a) Winning percentage in games played among the tied teams.

b) Winning percentage in games played against division opponents.

c) Winning percentage against the next highest?placed team in the division (based upon the team’s record in all games played in the Conference), proceeding through the division. (When comparing tied teams against positions lower in the standings that are also tied, those lower-tied positions shall be considered a single position for the purposes of comparison.)

d) Winning percentage against common Conference opponents.

e) Highest CFP ranking (or the composite of selected computer rankings if neither team is ranked in the CFP rankings) following the final week of Conference regular?season games.

If at any time during this analysis, any team(s) should gain an advantage over the other team(s) tied at that position, the team(s) holding the advantage shall move forward in the tiebreaking process while the other team(s) are eliminated. If it is reduced to a two-team tie at any point, the process shall then revert to the beginning of the tie-breaking procedures (tie between two teams) and shall be applied (in order) until the two-team tie is broken.

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Nevada would lose a head-to-head tiebreaker against Fresno State given the Bulldogs' win over the Wolf Pack last month. But what about a three-way tie between Nevada, SDSU and Fresno State at 6-2?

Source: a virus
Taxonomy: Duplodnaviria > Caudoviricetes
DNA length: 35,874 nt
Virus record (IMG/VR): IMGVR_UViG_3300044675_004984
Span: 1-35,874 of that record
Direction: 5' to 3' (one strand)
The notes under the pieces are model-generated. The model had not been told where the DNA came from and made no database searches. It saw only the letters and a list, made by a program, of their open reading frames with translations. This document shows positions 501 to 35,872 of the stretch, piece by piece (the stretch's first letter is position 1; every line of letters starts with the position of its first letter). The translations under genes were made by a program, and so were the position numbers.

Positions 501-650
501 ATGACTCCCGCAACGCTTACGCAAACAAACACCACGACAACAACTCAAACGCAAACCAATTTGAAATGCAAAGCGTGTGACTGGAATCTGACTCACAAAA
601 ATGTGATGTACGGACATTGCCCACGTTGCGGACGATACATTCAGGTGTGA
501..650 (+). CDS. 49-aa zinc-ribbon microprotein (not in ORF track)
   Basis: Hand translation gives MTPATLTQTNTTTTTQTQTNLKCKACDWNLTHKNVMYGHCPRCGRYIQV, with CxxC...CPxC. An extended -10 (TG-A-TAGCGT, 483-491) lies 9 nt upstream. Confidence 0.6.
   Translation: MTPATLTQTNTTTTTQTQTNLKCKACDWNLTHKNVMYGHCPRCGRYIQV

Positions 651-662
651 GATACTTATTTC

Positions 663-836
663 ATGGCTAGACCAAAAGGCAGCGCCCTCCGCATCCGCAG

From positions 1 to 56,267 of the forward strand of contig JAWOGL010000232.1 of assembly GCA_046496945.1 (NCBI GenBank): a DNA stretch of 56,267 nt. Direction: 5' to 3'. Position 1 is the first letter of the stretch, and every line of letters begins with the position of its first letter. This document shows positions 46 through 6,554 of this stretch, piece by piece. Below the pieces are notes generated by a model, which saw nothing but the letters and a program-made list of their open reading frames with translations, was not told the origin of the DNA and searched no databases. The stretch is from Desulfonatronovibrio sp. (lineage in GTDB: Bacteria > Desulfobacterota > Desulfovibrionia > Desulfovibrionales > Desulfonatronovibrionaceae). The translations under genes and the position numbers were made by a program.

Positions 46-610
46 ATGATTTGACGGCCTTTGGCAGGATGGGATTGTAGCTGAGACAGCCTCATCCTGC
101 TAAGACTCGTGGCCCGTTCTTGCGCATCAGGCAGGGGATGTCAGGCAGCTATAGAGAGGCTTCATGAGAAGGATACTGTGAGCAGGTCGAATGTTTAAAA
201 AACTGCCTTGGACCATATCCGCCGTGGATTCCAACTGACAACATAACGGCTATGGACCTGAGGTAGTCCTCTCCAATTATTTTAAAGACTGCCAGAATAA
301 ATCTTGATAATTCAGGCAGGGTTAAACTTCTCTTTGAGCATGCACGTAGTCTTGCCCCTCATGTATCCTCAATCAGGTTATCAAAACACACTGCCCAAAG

Under subhead (a), the teams would remain tied because they went 1-1 against each other (again, this is assuming a SDSU win over Fresno State this weekend).

Under subhead (b), SDSU would be eliminated because it would be 3-2 against West Division opponents (loses to Nevada and UNLV), whereas Nevada and Fresno State would be 4-1 in the West.

We then revert to this line: "If at any time during this analysis, any team(s) should gain an advantage over the other team(s) tied at that position, the team(s) holding the advantage shall move forward in the tiebreaking process while the other team(s) are eliminated. If it is reduced to a two-team tie at any point, the process shall then revert to the beginning of the tie-breaking procedures (tie between two teams) and shall be applied (in order) until the two-team tie is broken."

As I read this, once SDSU is eliminated, we revert to the two-team tiebreaker, at which point Fresno State trumps Nevada because of the head-to-head victory.

So for Nevada to advance to the MW title game, it must beat SJSU and UNLV (likely) and have Fresno State lose to San Diego State and San Jose State (not likely). There is a path to the MW championship game for Nevada. It's narrow.

“To be alive for a Mountain West title, to hear we’re still alive, the only thing we have to do now is win," Nevada defensive lineman Dominic Peterson said. "It’s not, ‘If this happens, we’re in it.’ Regardless of whatever is happening outside of us, we’re just planning on winning these last two games.”

Sports columnist Chris Murray provides insight on Northern Nevada sports. Contact him at crmurray@sbgtv.com or follow him on Twitter @MurrayNSN.